However, Bulgaria has far more to offer than salads. So what else is out there for you during your Bulgarian vacation? 3Seas Europe asked the staff of six restaurants across the country for their tips on meals other than the cult shopska salad. You better be hungry.
Lyubomir Raykov, Head Chef, Sun Moon, Sofia
The most Bulgarian dish for me is Panagyurishte-style eggs, named after the famous mountainous Bulgarian town. The ingredients are simple – Bulgarian yogurt, Bulgarian white cheese, and eggs. I have been making them for many years, relying on the same recipe. Of course, there is a subtlety. To preserve the white and yolk in the boiling water that you drop the broken egg in, the key is to add vinegar. It’s a must.
In the summer, we eat simple things. For me, yogurt by itself can be a meal. Or our traditional cheese with a little something on the side. We’re a vegetarian and vegan place fueled mainly by our customers. Inspiration at work means constantly surprising them. And they appreciate that. So we create new dishes every day, often rooted in our culinary tradition.
Mariana Vassileva, Owner, The Castle Hotel, Shumen
A lot of our foreign guests want to try something that is “our specialty.” So for them and everyone else, we offer our Shumen-style pork fillet (svinski kareta), a traditional dish from our region. We bake it with cheese and mushrooms, adding our signature sauce. We serve the dish with fresh rosemary.
When it comes to meat, we rely on an organic farm. The vegetables are from our own garden. The same goes for herbs and spices. And what good meat goes without potatoes? We’ve got those, too. We bake them as they become crispy and flavourful. Done with dinner? Enter our homemade nougat ice cream. We use dried fruit, usually apricots and figs, aged in cognac. We drizzle it with chocolate, and it’s good to go. Not your grandma’s traditional Bulgarian dessert, but still good.
Bulgarian Salads: chop a lot of vegetables
Gergana Bojanova, Manager, The Old Plovdiv, Plovdiv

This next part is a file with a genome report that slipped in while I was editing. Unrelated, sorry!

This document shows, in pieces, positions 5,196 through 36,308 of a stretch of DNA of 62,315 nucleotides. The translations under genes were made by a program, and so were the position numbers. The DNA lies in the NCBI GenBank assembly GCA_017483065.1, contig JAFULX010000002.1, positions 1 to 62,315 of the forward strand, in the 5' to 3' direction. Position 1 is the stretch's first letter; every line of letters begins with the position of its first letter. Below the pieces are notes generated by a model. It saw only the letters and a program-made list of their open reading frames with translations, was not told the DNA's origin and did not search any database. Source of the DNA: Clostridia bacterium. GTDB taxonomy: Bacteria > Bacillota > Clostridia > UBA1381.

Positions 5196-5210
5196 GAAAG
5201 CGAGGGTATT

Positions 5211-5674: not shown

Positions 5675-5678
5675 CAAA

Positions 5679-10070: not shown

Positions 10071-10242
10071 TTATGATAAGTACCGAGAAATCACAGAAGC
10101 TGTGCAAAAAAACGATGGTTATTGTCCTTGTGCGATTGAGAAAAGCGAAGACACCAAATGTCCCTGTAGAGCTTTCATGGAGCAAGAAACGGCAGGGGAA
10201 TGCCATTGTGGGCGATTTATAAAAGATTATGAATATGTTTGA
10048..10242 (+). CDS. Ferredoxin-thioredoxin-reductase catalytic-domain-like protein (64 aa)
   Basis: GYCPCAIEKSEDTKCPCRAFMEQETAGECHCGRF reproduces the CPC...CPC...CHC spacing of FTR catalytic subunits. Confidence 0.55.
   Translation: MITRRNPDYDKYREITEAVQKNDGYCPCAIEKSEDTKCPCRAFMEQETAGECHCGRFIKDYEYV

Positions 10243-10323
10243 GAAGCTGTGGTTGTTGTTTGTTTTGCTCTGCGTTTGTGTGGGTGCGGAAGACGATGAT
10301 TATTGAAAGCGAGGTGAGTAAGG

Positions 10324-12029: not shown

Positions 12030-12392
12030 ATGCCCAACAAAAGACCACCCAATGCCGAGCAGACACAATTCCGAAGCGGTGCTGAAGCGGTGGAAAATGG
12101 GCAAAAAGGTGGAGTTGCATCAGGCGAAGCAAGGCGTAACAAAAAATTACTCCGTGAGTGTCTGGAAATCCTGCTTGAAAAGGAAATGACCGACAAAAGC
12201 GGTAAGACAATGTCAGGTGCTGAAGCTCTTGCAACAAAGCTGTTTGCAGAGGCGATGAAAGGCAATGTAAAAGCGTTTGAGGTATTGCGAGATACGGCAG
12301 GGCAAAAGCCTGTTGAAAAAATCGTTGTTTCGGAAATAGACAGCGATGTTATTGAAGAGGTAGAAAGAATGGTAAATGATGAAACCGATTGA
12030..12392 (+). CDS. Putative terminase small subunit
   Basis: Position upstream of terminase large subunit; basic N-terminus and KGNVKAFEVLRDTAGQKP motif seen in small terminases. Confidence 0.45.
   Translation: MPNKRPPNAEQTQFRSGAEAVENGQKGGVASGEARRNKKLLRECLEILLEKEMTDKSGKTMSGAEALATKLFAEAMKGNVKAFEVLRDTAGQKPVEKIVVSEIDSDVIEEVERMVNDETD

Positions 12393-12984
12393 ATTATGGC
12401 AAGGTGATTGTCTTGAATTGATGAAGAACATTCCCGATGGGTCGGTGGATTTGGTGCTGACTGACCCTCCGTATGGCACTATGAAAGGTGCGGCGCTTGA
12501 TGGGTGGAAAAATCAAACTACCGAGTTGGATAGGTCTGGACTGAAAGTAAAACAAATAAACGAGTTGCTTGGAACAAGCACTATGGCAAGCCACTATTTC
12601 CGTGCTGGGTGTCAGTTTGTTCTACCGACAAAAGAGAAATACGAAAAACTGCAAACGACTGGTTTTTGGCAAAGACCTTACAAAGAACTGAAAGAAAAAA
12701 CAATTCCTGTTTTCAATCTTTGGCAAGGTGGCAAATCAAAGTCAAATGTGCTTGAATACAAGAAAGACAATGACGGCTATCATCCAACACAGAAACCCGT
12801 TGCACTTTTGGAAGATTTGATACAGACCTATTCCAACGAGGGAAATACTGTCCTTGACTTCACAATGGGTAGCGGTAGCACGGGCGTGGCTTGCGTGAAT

I’ve got to be honest. Unfortunately, Bulgarian dishes are not as popular as they were years ago, especially among our younger clients. But if you are in the market for a traditional Bulgarian dish, try our goulash stew, kavarma with veal, or with chicken if you prefer a lighter version. The rule we follow – chop a lot of onions. And a generous amount of tomato sauce. At the customer’s request, we add wine.
In the classic recipe, the meat is cut into cubes and pre-cooked. Not all the way, but until it’s half-cooked. Chop the onions into large cubes. Peppers should be fresh. Scrubbed and chopped coarsely. Mushrooms, if they are larger, can be cut into quarters. The smaller ones should be left whole. Peel the garlic and leave whole cloves. Put the half-cooked pieces of beef in a larger pot. Add the onion, garlic, mushrooms, and peppers. Season with black pepper and paprika. When the vegetables have softened, add the wine diluted with more tomato paste and salt. Cover the dish with a lid for about 15-20 minutes to combine. Then remove the lid, and wait for the water to boil. When serving, sprinkle the dish generously with parsley. We hope you’ll like it.
Nadezhda Stamatova, Head Chef, Vienska Gradina, Shumen
You love Shopska salad; now try Shepherd’s salad. It is a typically Bulgarian salad that we use Bulgarian vegetables for. With all due respect, they’re just better than what you can find in the average supermarket. Truth be told, Shepherd’s Salad is an analog of the Shopska salad, only we add ham and egg.
Not feeling like eating a salad with meat in the summer? Try our Snezhanka salad. Snezhanka means Snow White in Bulgarian. The two main ingredients are strained yogurt and cucumbers. Sounds familiar? You can call it tzatziki too. Since you’re in the Balkans, culinary similarities with our neighbors are bound to happen.
Vassil Ivanov, Deputy Chef, The Old Platanus, Varna
I have been working with an old and tested recipe for pork knuckle with baked potatoes for years. The recipe requires cooking it at a low temperature for about 8 hours. But first, it needs to be marinated for 24 hours. The trick is to saturate it with typical Bulgarian spices – paprika, savory, black pepper, something you can find in every Bulgarian house. The recipe is not from a cookbook; I am constantly updating it. I have been cooking professionally since I was 18 years old. I always knew that cooking was my calling. And although we offer traditional Bulgarian food, we, and every self-respecting cook, look beyond our cuisine for tips and ideas.
Alexander Denev, Head Chef, Chiflika, Ruse
We’ve been around for 28 years and our customers, regardless of age, have the same favorite dish. Meet our Monastery-style beans. In Bulgaria, everything “Monastery style” promises a delicious dish prepared with respect to traditions. An important detail is that the preparation starts in the evening. The beans are left to stand overnight in water, which is discarded in the morning. They are boiled together with vegetables. I cook only with fresh vegetables, no exceptions. We add mushrooms, part of the monastery recipe. Everything is later fried. I add mint, which imparts an exceptional aroma to the dish. Enjoy.
- Author’s note: while tracking global cuisines, TasteAtlas is headquartered in Sofia, Bulgaria.